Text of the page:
Note: My friend Alyssa Maxwell has a new mystery, Murder at the Breakers. Thanks to her generosity we have an except below--and one lucky person will win an autographed copy.
Your friend, Joanna
approached. At twenty minutes to twelve, liveried footmen and hired waiters
began moving like a silent army through the Great Hall, wielding trays filled
with glasses of Uncle Cornelius’s finest champagne. In the confusion, I lost
sight of Neily. I spotted Grace’s rich, bejeweled coif across the room, but
only briefly. Then she, too, disappeared from view, though she might merely
have been obscured by the crowd. If the two were up to something, Aunt Alice
would have to catch them at it herself. I had more pressing concerns.
Alice herself fueled my unease when she appeared at my shoulder. “We’re nearly
ready to toast Gertrude and I can’t find Cornelius anywhere. Did you see which
way he went?”
no. I’d been so concerned with Neily, Reggie, and Katie, I’d let Uncle
Cornelius slip away. With less than twenty minutes now before midnight, surely
he’d return any moment. But if he didn’t . . .
might just then be making his way up one of the service staircases. Should I
try to warn him that Uncle Cornelius was nowhere to be found? But how could I
do that when I had no idea which room marked Brady’s destination? I thought
back to what he’d told me that morning. He wished to return something he’d
taken . . . borrowed . . . stolen . . .something to do with railroad business. Then it had to have come from
either of two places: Uncle Cornelius’s office, or his bedroom, both on the
might have gone running up the grand staircase to search for Brady, but the
second-floor rooms all opened onto a gallery that looked down over the Great
Hall. I couldn’t risk being seen and followed, especially by a family member.
Alice gave me the perfect excuse to leave the Great Hall and devise a plan.
“Emmaline, be an angel and check the billiard room. Tell that husband of mine
if he doesn’t come at once he’ll spoil Gertrude’s night.”
set off at nearly a run, my haste raising numerous eyebrows. Several men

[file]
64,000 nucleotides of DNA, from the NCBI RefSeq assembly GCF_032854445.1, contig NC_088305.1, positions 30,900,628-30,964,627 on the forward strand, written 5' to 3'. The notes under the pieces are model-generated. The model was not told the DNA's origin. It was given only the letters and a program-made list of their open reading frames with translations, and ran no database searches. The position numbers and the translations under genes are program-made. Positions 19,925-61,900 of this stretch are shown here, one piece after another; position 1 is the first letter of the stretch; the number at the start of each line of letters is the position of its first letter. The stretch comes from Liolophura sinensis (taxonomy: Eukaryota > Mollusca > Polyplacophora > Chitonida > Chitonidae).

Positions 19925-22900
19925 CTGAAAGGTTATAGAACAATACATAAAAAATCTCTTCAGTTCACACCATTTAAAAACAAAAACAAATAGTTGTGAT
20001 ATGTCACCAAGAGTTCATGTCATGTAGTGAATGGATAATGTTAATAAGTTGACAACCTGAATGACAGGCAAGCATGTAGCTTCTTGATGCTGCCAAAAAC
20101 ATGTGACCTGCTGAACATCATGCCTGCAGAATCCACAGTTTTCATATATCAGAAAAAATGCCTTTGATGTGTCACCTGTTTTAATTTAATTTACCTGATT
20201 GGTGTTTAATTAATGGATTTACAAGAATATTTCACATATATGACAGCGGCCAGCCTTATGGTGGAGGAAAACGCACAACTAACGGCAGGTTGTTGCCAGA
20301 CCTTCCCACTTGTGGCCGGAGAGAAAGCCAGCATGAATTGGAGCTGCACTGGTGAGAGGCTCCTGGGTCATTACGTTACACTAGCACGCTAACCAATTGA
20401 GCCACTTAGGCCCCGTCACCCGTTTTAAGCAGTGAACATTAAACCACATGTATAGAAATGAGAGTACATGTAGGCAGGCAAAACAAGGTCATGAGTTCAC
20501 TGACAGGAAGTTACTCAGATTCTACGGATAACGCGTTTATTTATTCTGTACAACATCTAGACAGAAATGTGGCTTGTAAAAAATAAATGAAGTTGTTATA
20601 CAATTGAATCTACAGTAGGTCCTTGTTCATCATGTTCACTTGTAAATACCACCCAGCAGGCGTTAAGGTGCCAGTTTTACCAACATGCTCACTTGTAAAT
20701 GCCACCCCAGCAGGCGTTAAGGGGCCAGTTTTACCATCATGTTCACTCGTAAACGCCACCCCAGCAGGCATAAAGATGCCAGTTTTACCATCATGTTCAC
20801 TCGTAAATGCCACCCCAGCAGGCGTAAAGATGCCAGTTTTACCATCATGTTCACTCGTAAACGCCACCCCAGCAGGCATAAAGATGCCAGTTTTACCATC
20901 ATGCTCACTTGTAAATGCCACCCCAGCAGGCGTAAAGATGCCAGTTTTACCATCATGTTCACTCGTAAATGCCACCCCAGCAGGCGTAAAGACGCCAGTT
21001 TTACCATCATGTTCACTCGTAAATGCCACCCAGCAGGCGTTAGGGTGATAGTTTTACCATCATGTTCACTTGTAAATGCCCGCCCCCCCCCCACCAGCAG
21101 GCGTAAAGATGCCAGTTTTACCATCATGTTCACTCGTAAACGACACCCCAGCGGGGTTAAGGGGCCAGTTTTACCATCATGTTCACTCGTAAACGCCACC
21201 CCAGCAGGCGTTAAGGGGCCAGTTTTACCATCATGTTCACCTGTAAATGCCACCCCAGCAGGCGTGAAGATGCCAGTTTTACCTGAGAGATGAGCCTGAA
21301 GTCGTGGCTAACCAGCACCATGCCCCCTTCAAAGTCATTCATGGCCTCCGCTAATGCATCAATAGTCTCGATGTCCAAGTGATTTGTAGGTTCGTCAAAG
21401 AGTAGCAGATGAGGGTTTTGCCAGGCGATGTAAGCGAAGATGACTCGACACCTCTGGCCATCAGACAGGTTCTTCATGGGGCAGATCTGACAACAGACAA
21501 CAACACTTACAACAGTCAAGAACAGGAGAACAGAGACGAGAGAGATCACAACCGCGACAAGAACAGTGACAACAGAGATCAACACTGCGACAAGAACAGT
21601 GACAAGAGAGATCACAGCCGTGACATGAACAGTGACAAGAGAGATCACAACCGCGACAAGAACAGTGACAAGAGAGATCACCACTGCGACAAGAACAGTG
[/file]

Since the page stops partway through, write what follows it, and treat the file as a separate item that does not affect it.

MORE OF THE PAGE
occupied the billiard room, but Uncle Cornelius wasn’t one of them. Instead of
seeking him elsewhere on the first floor, I slipped quickly out through the
double doors onto the rear piazza and then down the steps onto the lawn. The
day’s rain had left the grass sodden, and moisture instantly soaked through my
embroidered dancing slippers. They’d be ruined, but I hadn’t time to lament the
fact. Toes squelching, I circled the side of the house, looking up as I neared
the front. The second story was dark except . . . there! A beam of light passed
across the windows of Uncle Cornelius’s bedroom. Brady must be inside.
was about to hoist my skirts, scamper around to the front door, steal inside
and up the service stairs when the light suddenly went out. I waited, staring
into the darkness, my ears pricked. “Brady,” I whispered—stupidly, for at that
distance and through the closed balcony door he could not have heard me. A
minute or two passed. I decided my best course was indeed to run inside, but
just then a sharp thwack from above rooted me to the spot. Two or three more
clunks followed. Moments later, the balcony door swung open and sounds of a
scuffle burst from inside the room.
You!” a man’s voice exclaimed.
I cried out hoarsely, too frightened now for discretion.
came a grunt, more scuffling, another thwack—louder and sharper now, like a
gunshot piercing the quiet—and then the thud of something or someone hitting
the stone balustrade. My heart pounding, I scrambled backward to get a better
view, and as I looked up again, a dark silhouette tumbled over the railing and
plummeted to the ground at my feet.
cried out, then pressed both hands to my mouth. My heart pummeled inside my
chest, and I stood motionless, breathless, staring down at the black heap
before me, my brain thrashing to make sense of what had just happened.
trembling fingers I lifted my hems from the wet ground and tiptoed closer,
afraid to look, unable to turn away. The night closed around me like a fist,
blocking out the house, the lawns, the nearby drive crowded with sleek horses
and posh carriages. The music and lively hum of voices drifting from the piazza
doorway faded. The crickets were silenced. I heard only the distant rumble of
the ocean striking the cliffs at the base of the property.
haze swam before my eyes, and through it I could make out scant details about
the figure sprawled facedown on the ground: the formal tailcoat and tapering
black trousers, the buffed dress shoes, the dark but graying hair. A notion
rose like bile to choke me.
Editor’s Note: The
Kiki Lowenstein Mystery Series features a scrapbooking mom whose creativity
isn’t limited to papercrafts. Part I of Kiki Lowenstein and the Penny Pincher first appeared in the Spring 2014 issue of Chicagoland Scrapbooker. Now we're sharing it with you!
saw this online and bought it for the store. I thought it appropriate,” said my
friend Clancy Whitehead, as she handed me a wrapped present. In her tailored
brown slacks, ivory silk blouse, and camel-colored cardigan, Clancy was the
picture of elegance.
I’m still wearing my maternity pants with the elastic panels. Although I tell